But is that really reflective in what presently obtains?  The limitation of old age shouldn’t constitute a problem in appointing his cabinet. Rather it ought to expedite it. But the President’s determination to sole-administer had him make the awful statement that “minister are noise makers.” That best explains why he is yet to appoint ministers. Just as well, old age shouldn’t constitute a clog in the formulation of the administration’s economic blueprint and policy direction, more so, given the fact that for 12years, Buhari canvassed for leadership. Or is it that in all of these years, he had no idea of what he intends to do in office as President? If truly, he does have, then four months is more than enough time to unleash it.

Honestly, it is time President Buhari stops the honeymoon and gets serious with the act of governance. The September dateline he gave for the appointment of minister is a day short of running out. By tomorrow he would have failed to deliver on that promise. He needs no saints from outer space to run his administration; therefore, it is time enough to appoint his cabinet. This becomes more imperative because there are speculations in some political quarters that some lawyers are studying the constitution to ascertain if the non-appointment of ministers over a period of time constitutes a breach of the constitution and an impeachment offence. There are grave implications to that. And we cannot afford to heat up the polity. It is also pertinent to state that we cannot rule out the fact that an embittered National Assembly leadership could read a crime against the President in his non-appointment of ministers. It is, therefore, not out of place to advise that the administration should be circumspect in the Code of Conduct Tribunal (CCT) trial of the Senate President, Bukola Saraki, as it is generally perceived as political.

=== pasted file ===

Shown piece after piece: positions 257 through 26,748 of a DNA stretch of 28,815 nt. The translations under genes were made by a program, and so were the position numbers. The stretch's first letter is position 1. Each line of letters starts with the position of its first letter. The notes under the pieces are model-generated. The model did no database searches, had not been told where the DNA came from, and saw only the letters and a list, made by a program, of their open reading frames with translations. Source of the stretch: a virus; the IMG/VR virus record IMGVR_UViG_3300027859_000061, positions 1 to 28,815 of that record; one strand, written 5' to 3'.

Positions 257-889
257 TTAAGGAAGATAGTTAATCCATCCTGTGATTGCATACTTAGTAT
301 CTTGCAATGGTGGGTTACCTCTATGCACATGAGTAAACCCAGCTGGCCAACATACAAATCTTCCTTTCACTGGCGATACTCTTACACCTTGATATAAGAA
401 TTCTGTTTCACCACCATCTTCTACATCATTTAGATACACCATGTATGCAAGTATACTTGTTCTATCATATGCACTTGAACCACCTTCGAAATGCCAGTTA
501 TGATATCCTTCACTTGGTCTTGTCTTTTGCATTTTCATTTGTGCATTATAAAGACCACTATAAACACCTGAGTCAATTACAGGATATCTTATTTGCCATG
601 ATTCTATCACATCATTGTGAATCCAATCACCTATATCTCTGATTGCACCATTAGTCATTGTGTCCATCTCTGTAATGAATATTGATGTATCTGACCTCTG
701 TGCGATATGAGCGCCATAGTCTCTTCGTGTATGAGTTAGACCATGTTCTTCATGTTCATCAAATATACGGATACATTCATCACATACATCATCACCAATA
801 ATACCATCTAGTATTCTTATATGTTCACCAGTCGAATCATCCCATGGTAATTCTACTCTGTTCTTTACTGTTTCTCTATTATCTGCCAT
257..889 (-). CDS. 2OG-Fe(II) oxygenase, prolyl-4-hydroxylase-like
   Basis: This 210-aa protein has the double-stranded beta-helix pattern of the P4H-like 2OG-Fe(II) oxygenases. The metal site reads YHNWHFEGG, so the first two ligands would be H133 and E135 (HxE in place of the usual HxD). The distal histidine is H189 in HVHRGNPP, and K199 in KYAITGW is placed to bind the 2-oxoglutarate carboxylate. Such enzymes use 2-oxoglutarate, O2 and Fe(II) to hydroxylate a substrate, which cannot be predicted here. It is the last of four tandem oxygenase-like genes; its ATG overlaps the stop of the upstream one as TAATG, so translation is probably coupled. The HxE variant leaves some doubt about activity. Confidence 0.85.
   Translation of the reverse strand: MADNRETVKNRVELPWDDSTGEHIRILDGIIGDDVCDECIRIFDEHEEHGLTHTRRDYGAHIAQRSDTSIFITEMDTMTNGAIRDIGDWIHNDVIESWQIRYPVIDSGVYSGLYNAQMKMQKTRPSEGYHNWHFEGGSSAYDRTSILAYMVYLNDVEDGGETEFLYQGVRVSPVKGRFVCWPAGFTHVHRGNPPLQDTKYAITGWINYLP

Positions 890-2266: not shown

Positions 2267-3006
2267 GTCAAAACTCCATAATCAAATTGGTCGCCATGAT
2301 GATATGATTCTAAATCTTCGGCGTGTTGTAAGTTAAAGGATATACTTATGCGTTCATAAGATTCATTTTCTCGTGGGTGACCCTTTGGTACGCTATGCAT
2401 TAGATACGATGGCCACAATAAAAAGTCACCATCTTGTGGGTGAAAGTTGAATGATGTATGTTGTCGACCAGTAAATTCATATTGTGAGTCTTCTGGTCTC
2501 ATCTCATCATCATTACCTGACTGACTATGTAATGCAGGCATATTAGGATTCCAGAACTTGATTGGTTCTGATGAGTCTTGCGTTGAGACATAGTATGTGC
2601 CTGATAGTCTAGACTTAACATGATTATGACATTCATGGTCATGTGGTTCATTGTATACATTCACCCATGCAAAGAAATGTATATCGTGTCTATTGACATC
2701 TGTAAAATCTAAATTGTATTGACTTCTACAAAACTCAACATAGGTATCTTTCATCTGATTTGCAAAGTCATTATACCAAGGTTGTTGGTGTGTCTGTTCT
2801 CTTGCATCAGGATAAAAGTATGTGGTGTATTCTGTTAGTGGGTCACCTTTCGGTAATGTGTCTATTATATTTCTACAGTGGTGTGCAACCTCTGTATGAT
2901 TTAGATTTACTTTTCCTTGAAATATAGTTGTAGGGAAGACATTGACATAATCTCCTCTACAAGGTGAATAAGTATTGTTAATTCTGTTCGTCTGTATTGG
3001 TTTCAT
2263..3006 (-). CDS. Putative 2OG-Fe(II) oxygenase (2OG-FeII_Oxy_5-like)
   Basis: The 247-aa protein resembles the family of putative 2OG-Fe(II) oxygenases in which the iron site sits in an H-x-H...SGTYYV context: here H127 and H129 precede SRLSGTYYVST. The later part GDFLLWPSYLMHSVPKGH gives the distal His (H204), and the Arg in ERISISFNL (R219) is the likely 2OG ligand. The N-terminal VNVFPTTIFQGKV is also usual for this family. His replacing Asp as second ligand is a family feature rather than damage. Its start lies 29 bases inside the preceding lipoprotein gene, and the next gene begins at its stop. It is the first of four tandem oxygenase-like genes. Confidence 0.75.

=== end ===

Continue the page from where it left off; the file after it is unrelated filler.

That brings to mind the issue of the would-be Senate’s screening of the yet to be appointed ministers. Will a Saraki-led Senate be very receptive to Buhari’s ministerial nominees? Your guess is as good as mine. All things granted, the minister designates will need about three months to learn the ropes in order to adapt to ministerial duties. That by implication means that today, should the President forward his ministerial list to the Senate, Nigeria would have wasted precious seven months before the Buhari’s administration settles down to governance. This is highly unfortunate; a consequence of his sole-administratorship.

Apologists and propagandists of the administration will, however, differ averring that Buhari means well and he is in good stead, stirring the ship of state in the right direction. They will never agree that the economy, for now, is lying prostrate without a policy direction and investors confidence is waning by the day as evident in the daily trading activities at the Stock Exchange. Neither will they agree that Buhari operates as a sole administrator and have made some appointments that breach constitutional provisions, nor that the administration’s modus operandi is sending the wrong signal to international investors that this may be a dictatorship in civil garb.

Interestingly, the APC leadership that vehemently accused former President Goodluck Jonathan of dictatorship and impunity does not seem to see any wrong in Buhari’s actions and inactions; so the need for correction does not arise. It is a case of “it is right in reversal option.” Certainly, though; Nigeria needs a government not a sole administrator…Shikina!